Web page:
On the first Friday of every month, many local Peterborough artists open up their studios to welcome in the community for a free art show titled “First Friday Art Crawl”. This art night started at 129 ½ Hunter street, where you are greeted with a warm welcome from many different artists in the community, and quite a few locals who are excited about exploring local art.
Brian Nichols was one of the artists present. He shared his art collection titled “Disintegration” — a collection of broken items turned into beautiful pieces — as a way to share his struggles, having been recently diagnosed with an autoimmune disease. When talking to Nichols, he said that he finds his art to be a way to cope with his new diagnosis. However, because his art is deeply personal, highly public shows like the First Friday can be difficult. Nichols, however, emphasized that he thinks it is incredibly important to celebrate art as a community in an accessible way. Since First Friday art nights are free and are in the downtown area, Peterborough locals from all walks of life are able to enjoy what these artists have been working on.
Another incredible part of the evening was called Poetrick. Sam Sayer, from the local sandwich shop Sam’s Place, paired up with her ‘poet coworker’ Justin Million to deliver personalized poems written on site. Sayer stood outside of a door and asked questions about your life and goals in order to learn a bit about who you are and, using a ‘mental connection’ with her co-worker, Million wrote a poem based on the answers given to Sayer. This station was a fun way to keep the evening light and to open up guests, using comedy and quirky-ness. Guests were able to keep these personalized poems. This level of inclusivity applied to the night overall; it was clear that the night was meant to be a way to bring together the community to celebrate the artists and the work they have been done in Peterborough.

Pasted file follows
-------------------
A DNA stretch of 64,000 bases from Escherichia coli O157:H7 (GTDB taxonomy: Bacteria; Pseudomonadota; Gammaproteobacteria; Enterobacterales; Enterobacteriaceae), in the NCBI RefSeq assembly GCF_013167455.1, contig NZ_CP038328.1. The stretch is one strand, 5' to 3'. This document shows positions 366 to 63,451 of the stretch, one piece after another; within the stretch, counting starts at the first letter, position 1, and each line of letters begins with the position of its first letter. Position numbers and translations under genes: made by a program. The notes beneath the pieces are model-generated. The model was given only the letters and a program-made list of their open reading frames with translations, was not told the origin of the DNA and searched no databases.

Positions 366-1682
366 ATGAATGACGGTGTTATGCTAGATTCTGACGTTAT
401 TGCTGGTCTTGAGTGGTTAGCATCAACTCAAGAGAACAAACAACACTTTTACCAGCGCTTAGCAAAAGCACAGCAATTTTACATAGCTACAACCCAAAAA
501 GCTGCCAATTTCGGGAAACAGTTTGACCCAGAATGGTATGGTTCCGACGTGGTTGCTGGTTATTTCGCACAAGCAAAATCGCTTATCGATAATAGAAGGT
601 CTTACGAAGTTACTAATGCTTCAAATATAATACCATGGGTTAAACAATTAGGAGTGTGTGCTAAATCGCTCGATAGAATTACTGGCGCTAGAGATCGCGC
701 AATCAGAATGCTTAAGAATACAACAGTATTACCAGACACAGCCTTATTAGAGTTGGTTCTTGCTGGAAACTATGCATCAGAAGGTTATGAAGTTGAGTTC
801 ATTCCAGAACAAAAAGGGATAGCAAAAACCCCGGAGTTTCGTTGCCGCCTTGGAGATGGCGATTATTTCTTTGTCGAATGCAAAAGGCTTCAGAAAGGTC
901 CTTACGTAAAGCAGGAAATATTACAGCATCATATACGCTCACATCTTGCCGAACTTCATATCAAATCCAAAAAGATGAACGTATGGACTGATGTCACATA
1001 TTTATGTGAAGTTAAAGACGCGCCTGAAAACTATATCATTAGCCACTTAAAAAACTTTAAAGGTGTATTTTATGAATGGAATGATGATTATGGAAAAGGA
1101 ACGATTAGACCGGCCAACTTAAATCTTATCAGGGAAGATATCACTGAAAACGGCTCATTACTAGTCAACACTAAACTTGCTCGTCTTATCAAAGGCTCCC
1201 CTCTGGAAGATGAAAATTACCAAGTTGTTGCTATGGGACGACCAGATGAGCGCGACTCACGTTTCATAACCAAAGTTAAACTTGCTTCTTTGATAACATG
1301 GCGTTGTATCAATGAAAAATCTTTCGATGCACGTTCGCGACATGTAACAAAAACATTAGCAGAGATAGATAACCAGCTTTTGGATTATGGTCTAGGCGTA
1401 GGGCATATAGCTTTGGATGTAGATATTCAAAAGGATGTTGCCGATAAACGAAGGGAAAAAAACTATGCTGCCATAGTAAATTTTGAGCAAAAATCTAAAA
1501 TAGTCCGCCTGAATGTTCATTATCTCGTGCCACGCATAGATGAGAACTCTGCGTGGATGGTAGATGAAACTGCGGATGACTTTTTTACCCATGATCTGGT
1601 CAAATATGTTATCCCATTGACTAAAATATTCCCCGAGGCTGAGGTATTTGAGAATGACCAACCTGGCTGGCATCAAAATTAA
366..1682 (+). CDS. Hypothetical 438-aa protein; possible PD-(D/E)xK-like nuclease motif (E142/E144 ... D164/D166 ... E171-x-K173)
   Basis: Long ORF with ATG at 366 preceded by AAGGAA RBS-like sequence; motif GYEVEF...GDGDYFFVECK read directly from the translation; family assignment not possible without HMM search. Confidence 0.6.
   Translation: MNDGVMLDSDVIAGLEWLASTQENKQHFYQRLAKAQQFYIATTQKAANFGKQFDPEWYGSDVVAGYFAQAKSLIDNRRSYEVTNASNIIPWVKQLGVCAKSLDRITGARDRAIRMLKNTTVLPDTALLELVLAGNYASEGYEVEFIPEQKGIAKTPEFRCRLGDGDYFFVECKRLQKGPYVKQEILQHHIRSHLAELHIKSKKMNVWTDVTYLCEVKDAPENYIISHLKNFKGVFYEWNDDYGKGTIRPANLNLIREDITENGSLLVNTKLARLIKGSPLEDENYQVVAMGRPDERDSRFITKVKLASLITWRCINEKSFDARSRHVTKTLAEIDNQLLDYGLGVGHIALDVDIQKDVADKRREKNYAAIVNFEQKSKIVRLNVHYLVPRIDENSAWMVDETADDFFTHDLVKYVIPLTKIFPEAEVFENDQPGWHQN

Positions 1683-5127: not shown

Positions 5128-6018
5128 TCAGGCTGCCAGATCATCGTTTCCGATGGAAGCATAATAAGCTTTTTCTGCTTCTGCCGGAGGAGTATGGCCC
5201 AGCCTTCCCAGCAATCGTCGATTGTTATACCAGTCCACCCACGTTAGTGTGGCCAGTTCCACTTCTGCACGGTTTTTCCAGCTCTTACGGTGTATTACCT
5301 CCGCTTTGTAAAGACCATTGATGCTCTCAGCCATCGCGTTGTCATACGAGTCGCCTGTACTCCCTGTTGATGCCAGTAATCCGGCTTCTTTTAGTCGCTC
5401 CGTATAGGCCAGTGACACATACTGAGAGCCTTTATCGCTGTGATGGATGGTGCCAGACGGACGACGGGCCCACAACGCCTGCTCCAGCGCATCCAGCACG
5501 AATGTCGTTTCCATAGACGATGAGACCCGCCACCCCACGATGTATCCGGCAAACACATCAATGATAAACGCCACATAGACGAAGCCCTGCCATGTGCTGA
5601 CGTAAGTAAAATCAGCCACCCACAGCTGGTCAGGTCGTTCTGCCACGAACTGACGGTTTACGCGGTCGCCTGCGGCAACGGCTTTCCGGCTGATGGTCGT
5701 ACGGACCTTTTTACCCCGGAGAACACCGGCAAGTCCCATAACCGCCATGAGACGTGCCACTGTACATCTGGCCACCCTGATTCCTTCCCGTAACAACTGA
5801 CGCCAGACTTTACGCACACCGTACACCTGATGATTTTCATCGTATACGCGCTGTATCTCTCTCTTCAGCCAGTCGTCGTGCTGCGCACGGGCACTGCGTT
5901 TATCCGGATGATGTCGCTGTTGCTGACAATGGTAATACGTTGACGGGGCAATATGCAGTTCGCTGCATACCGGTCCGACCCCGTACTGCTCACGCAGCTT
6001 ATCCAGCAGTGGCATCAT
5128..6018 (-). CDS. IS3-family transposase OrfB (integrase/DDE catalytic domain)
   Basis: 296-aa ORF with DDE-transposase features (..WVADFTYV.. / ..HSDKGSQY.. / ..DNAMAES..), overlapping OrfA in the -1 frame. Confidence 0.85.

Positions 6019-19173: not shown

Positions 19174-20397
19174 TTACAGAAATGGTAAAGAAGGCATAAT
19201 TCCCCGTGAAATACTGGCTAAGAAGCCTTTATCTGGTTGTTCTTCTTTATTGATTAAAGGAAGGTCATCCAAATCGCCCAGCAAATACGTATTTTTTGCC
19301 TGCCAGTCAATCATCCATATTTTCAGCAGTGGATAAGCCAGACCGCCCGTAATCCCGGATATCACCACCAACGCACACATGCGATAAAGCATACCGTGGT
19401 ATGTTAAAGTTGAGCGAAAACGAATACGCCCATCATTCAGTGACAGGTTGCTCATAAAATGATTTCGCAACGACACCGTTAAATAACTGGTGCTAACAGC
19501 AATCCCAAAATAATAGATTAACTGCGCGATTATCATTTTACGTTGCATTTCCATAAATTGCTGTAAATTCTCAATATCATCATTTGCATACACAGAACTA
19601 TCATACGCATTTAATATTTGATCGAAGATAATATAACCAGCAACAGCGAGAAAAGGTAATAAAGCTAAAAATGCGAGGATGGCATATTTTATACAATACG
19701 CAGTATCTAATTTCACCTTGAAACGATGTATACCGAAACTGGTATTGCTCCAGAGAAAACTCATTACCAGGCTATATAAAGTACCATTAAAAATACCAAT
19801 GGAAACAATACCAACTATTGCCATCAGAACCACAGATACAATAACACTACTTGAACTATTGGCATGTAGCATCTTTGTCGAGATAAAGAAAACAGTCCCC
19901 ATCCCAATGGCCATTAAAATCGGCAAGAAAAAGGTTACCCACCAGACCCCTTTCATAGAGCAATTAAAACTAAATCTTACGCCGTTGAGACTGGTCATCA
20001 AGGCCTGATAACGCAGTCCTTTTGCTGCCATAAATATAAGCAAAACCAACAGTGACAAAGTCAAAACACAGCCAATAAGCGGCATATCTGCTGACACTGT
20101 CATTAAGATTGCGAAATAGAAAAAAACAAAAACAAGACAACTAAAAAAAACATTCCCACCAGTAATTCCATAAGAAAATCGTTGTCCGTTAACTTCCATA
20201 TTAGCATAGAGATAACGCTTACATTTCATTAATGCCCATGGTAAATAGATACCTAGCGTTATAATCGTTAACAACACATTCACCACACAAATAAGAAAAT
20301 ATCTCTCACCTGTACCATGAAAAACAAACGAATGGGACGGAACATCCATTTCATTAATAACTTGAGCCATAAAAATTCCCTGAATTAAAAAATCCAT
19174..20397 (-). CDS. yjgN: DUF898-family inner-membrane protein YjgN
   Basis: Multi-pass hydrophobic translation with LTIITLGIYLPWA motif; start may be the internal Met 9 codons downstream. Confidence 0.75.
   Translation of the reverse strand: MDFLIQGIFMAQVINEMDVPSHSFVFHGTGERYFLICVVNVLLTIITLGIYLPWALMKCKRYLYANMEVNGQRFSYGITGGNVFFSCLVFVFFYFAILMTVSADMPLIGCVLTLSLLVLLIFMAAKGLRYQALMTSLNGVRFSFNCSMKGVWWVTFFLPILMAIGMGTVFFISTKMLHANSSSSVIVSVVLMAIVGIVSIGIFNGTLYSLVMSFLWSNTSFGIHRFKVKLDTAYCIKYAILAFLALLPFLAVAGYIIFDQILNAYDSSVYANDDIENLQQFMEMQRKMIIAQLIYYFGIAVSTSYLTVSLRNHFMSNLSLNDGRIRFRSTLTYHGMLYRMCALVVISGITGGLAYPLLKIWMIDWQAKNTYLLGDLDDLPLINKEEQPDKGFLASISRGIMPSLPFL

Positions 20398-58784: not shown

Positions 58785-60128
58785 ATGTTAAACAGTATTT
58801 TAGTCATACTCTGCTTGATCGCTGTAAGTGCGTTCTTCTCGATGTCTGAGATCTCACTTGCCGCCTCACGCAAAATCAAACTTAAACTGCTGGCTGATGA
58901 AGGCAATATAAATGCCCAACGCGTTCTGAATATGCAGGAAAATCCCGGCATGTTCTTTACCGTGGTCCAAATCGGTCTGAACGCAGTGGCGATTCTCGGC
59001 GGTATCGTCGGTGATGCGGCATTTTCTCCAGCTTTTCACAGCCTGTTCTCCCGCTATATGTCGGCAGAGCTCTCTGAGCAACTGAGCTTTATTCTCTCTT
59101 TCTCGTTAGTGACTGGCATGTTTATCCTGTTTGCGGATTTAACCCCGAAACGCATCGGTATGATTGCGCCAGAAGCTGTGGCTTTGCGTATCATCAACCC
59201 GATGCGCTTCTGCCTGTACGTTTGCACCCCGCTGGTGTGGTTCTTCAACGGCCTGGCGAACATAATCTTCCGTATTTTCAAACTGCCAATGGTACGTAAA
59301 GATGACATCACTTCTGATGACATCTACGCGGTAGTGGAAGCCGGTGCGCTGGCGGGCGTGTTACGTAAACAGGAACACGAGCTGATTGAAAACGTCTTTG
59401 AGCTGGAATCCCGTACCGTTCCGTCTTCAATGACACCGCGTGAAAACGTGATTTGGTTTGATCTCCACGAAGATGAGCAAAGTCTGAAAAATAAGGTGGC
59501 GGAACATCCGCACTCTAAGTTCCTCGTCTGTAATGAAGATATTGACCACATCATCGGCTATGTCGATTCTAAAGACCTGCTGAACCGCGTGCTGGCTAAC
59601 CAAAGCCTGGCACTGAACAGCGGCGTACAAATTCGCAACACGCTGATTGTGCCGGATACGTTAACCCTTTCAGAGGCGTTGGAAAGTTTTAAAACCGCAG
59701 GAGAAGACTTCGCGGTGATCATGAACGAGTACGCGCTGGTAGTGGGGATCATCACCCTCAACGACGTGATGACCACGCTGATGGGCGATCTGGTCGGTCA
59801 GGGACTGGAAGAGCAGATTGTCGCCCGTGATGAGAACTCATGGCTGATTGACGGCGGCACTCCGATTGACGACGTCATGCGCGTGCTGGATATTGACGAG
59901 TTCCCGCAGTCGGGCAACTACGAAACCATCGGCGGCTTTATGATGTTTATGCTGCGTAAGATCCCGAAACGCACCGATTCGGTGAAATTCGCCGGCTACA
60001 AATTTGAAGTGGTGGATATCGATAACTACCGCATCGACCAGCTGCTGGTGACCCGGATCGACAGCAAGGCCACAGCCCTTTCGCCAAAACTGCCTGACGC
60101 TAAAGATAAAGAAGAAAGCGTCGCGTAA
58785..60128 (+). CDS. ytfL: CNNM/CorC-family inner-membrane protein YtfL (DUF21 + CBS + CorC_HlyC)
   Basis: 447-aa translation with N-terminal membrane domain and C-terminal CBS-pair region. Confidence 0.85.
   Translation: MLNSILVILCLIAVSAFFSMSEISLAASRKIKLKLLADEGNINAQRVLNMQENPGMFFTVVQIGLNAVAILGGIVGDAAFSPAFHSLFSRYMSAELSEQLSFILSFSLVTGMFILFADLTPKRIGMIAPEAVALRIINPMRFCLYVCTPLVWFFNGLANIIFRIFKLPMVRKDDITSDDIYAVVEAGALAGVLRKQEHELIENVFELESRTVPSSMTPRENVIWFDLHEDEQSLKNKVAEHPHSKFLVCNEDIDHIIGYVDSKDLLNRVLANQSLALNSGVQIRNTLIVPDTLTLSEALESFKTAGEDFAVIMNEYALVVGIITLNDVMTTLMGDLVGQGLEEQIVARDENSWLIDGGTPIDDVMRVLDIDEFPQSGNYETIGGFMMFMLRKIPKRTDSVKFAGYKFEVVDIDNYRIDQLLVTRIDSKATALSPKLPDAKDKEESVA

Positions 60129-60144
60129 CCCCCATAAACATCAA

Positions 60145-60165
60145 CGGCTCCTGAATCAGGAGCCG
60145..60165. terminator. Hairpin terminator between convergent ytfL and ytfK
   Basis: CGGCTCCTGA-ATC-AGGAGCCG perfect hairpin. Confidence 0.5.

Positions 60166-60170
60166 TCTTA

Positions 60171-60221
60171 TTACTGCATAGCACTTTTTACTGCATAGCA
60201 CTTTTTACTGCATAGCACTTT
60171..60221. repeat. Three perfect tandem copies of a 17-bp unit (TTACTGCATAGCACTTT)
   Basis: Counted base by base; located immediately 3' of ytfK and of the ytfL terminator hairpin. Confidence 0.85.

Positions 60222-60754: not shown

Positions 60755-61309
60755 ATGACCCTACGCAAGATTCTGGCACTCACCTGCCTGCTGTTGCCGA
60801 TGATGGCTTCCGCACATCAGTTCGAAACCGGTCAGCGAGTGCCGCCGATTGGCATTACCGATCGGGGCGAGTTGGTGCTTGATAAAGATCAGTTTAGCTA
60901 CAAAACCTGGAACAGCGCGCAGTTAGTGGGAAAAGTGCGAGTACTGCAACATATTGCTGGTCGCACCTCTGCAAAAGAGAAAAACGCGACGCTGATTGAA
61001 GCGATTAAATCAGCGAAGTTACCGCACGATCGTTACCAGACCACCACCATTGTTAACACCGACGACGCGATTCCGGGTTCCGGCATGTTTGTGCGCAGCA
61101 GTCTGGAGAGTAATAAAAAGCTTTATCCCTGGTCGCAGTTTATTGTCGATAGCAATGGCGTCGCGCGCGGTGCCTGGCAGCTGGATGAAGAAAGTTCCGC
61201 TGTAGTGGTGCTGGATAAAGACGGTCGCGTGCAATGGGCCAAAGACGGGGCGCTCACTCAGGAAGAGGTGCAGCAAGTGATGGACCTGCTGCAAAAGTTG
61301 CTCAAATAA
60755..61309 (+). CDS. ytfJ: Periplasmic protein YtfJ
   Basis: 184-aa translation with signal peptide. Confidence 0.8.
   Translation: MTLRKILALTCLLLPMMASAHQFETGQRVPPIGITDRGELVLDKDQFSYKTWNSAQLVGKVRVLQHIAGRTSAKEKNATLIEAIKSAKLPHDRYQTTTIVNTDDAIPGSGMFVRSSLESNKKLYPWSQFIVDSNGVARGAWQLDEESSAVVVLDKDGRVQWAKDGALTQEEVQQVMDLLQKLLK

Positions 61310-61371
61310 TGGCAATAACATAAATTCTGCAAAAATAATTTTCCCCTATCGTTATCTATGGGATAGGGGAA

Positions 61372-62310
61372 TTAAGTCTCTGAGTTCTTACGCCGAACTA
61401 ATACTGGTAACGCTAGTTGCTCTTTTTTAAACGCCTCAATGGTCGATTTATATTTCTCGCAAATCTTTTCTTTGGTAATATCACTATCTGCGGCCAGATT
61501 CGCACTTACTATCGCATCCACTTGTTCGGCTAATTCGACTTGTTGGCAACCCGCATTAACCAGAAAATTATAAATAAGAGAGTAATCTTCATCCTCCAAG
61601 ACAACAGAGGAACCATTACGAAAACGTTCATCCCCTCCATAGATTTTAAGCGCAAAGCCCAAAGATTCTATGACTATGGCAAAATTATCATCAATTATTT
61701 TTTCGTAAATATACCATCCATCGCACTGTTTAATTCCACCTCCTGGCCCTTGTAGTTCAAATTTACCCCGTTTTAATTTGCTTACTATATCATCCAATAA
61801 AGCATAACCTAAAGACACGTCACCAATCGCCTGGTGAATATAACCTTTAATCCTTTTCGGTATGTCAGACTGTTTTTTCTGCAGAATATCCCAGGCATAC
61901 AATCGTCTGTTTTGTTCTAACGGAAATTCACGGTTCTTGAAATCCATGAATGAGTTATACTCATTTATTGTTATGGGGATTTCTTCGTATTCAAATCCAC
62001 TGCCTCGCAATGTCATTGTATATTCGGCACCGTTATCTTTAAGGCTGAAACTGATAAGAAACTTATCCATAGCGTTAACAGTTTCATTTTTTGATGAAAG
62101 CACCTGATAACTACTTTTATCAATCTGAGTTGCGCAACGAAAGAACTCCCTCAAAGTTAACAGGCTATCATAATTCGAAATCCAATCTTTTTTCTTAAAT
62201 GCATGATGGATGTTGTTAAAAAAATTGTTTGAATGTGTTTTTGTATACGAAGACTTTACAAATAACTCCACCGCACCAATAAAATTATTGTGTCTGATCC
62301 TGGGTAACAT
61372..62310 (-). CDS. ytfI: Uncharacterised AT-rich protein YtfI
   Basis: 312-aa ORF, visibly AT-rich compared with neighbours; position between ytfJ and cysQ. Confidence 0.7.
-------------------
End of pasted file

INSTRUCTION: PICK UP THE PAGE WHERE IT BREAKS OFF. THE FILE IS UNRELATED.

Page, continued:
Going across the street to the Gallery in the Attic, the night and art continued. Quite literally in the attic of 140 Hunter street was Daniel Emmerson Crawford’s studio, which was curated for the show. Crawford’s art displayed his talent and work in many different mediums including paint, charcoal, and film projections. While it was a little isolated from the other festivities, it was a more intimate experience. Less crowding in the room allowed guests to fully appreciate the variety of complex art and design. Crawford has participated in a few First Friday art nights and noted how much he liked that these art nights allow for people to come out to enjoy art with “no expectations” for what they are going to see. Daniel explained that he sees these nights as a way to create “beautiful moments” by throwing together members of the community that would otherwise not meet. By bringing together community and providing a focal point to begin conversations, a unique experience is created. However, as incredible as the visual art was, the art did not end at the galleries.
The night moved to The Garnet further down Hunter street where a collection of bands were performing. The night included performances from Fade Awaays, Shade, Peace Sand Rest, and Belly Flop. Each of the bands had their own sound and energy that they brought to the stage, which culminated into an amazing night of live music.
Peace Sand Rest started the night off with songs ranging from upbeat folk-rock music to a good old-fashioned Irish ballad. The band mentioned that this was the first time that they were performing with their new drummer, Liam, who was able to bring his own energy and enthusiasm to the stage. From song to song, Liam danced and bopped along and mouthed the words. It was clear to see that the band had as much fun performing at The Garnet as everyone had watching them.
The Hamilton-based rock band Shade also delivered an incredible performance for their first stop on their tour. One of the members of the band, Sam Rashid, spoke fondly of art nights like the First Friday events. Sam explained that art has had a huge impact on his life and that it has worked its way into every aspect of his life. As well, Sam mentioned that nights like the First Friday Art nights are a great way to increase awareness of the art community, while bringing together a variety of people in the community to explore the arts scene. It is important to note that all of these artists were passionate about sharing their art because of how much it has impacted and changed their lives, and how much potential it has to change and help the community.
The Garnet provided an incredible venue for this celebration of music and art, allowing for the event to be one of dancing and celebrating with the community. The artists were there to share the journey they went on to create their art and to welcome you to Peterborough’s community of art enthusiasts. This event happens on the first Friday of every month, is entirely free, and showcases rotating artists. Next month’s event is on April 5, so shake things up and explore a side of Peterborough not often seen by students.